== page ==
I honestly don't know how much it applies to desktops, but certainly in other form factors, you can't rely on TDP as an indicator of the size of power supply needed. TDP tells you how much heat the heatsink needs to be able to dissipate. If you exceed the TDP for a few seconds, there's enough thermal mass that you won't exceed the maximum junction temperature of the chip, as long as you keep your average power (on the scale of seconds or minutes) below the TDP. Indeed, many devices like laptops, tablets, and cell phones rely on this for maximum performance; if you load a web page, the CPU will ramp up well above the sustained TDP in order to render the page, relying on the fact that the CPU will be nearly idle or off while you read the page after it has rendered, so the average power will be below the TDP.

Instead, there is a different parameter - sometimes referred to as EDP. This tells you the power that the power supply needs to be able to provide, more on the scale of milliseconds (so a long enough timescale that the capacitors on the board can't keep up with the power demands, but not so long that the TDP starts to limit you). EDP is always higher than the TDP.

As I said, I don't build my own computers though (I just design them ;-)), so I have no idea if that's something that has worked its way into choosing a power supply yet. It doesn't seem like it, from some googling.

Other things that can make a difference are inrush current and power factor. I have a desktop that has about a 950W power supply. Typical power draw is on the order of 150 watts or so. So you'd think that a quality UPS with a 900 VA rating should be plenty - unfortunately, when powering it on or waking it, either the inrush current or the power factor as it charges all the inductors and capacitors in the power supply exceeds the capacity of the UPS about one in every 10 times. In that case, the UPS lights up its "Overload" light and shuts off, which rather negates the whole point of a UPS. Additionally, because turning on a light switch with a lot of CFLs often causes enough disturbance to the power to trip the UPS, and the UPS activating causes it to wake the computer, it happened that turning on a light switch would often cause my computer to be immediately disconnected from power, as it would hit the overload condition.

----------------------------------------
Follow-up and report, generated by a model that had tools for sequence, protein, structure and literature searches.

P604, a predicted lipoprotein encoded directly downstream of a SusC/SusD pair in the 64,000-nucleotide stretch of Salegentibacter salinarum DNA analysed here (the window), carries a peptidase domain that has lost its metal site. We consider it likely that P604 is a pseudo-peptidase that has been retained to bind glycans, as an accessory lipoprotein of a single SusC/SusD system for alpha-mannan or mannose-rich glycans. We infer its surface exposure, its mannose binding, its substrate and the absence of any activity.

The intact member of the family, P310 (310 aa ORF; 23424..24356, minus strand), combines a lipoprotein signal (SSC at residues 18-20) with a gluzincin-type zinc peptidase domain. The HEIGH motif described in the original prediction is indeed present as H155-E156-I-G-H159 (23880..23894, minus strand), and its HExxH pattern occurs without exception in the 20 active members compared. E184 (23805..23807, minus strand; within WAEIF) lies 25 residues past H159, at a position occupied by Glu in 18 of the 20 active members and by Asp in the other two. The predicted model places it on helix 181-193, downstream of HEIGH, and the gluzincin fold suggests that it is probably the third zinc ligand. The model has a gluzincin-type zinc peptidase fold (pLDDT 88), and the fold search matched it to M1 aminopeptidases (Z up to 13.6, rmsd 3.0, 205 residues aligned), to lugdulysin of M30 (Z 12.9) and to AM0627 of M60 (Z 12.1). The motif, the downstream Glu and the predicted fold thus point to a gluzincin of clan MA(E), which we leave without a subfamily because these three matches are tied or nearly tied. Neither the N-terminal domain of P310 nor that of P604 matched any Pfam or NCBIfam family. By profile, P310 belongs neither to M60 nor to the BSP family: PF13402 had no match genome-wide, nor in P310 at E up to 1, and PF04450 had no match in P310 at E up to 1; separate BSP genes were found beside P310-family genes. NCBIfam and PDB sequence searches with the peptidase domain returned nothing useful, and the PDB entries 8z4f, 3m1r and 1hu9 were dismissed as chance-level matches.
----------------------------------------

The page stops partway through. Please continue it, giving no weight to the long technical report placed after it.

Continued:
So I moved the UPS to my TV and network connections, and put my computer back on a surge protector. Everything is much happier now.

Comment: Re:Ehhh Meh (Score 4, Informative) 127

by Macman408 (#48394539) Attached to: US DOE Sets Sights On 300 Petaflop Supercomputer

There are plenty of things that can use all the computing power you can throw at it these days. As you mentioned, weather forecasting - though more generally, climate science. Somebody from one of the National Labs mentioned at a college recruiting event that they use their supercomputer for (among other things) making sure that our aging nukes don't explode while just sitting in storage. There are thousands of applications, from particle physics to molecular dynamics to protein folding to drug discovery... Almost any branch of science you can find has some problem that a supercomputer can help solve.

Additionally, it's worth noting that these generally aren't monolithic systems; they can be split into different chunks. One project might need the whole machine to do its computations, but the next job to run after it might only need a quarter - and so four different projects can use the one supercomputer at once. It's not like the smaller computing problems end up wasting the huge size of the supercomputer. After all, many of these installations spend more in electricity bills over the 3- or 5-year lifetime of the computer than they do to install the computer in the first place, so they need to use it efficiently, 24/7.

Comment: Re:As I think has already been pointed out (Score 1) 286

by Macman408 (#48218427) Attached to: Tech Firm Fined For Paying Imported Workers $1.21 Per Hour

I think that's where the determination of willful violation versus accidental can make a difference. Sure, if they knew they were violating the law and did it anyway, then they absolutely deserve a bigger punishment. If it's just a case where they didn't really consider the implications of bringing foreign employees to their US office, a small penalty isn't unreasonable. If they weren't willfully violating the law, they're more likely to follow it for its own sake, rather than due to a financial threat.

Comment: Re:$3500 fine? (Score 5, Interesting) 286

by Macman408 (#48216835) Attached to: Tech Firm Fined For Paying Imported Workers $1.21 Per Hour

It's not clear to me that it was willful avoidance of paying minimum wage - they had a job to do, they got help from some of their existing employees from overseas, who continued to receive their regular wage (in their regular currency) during the time that they were here. So the company paid the back wages to the employees, and a small fine to the government. Doesn't seem unreasonable to give them a little slap on the wrist; save the big punishments for when there are repeated offenses, or more wanton abuse.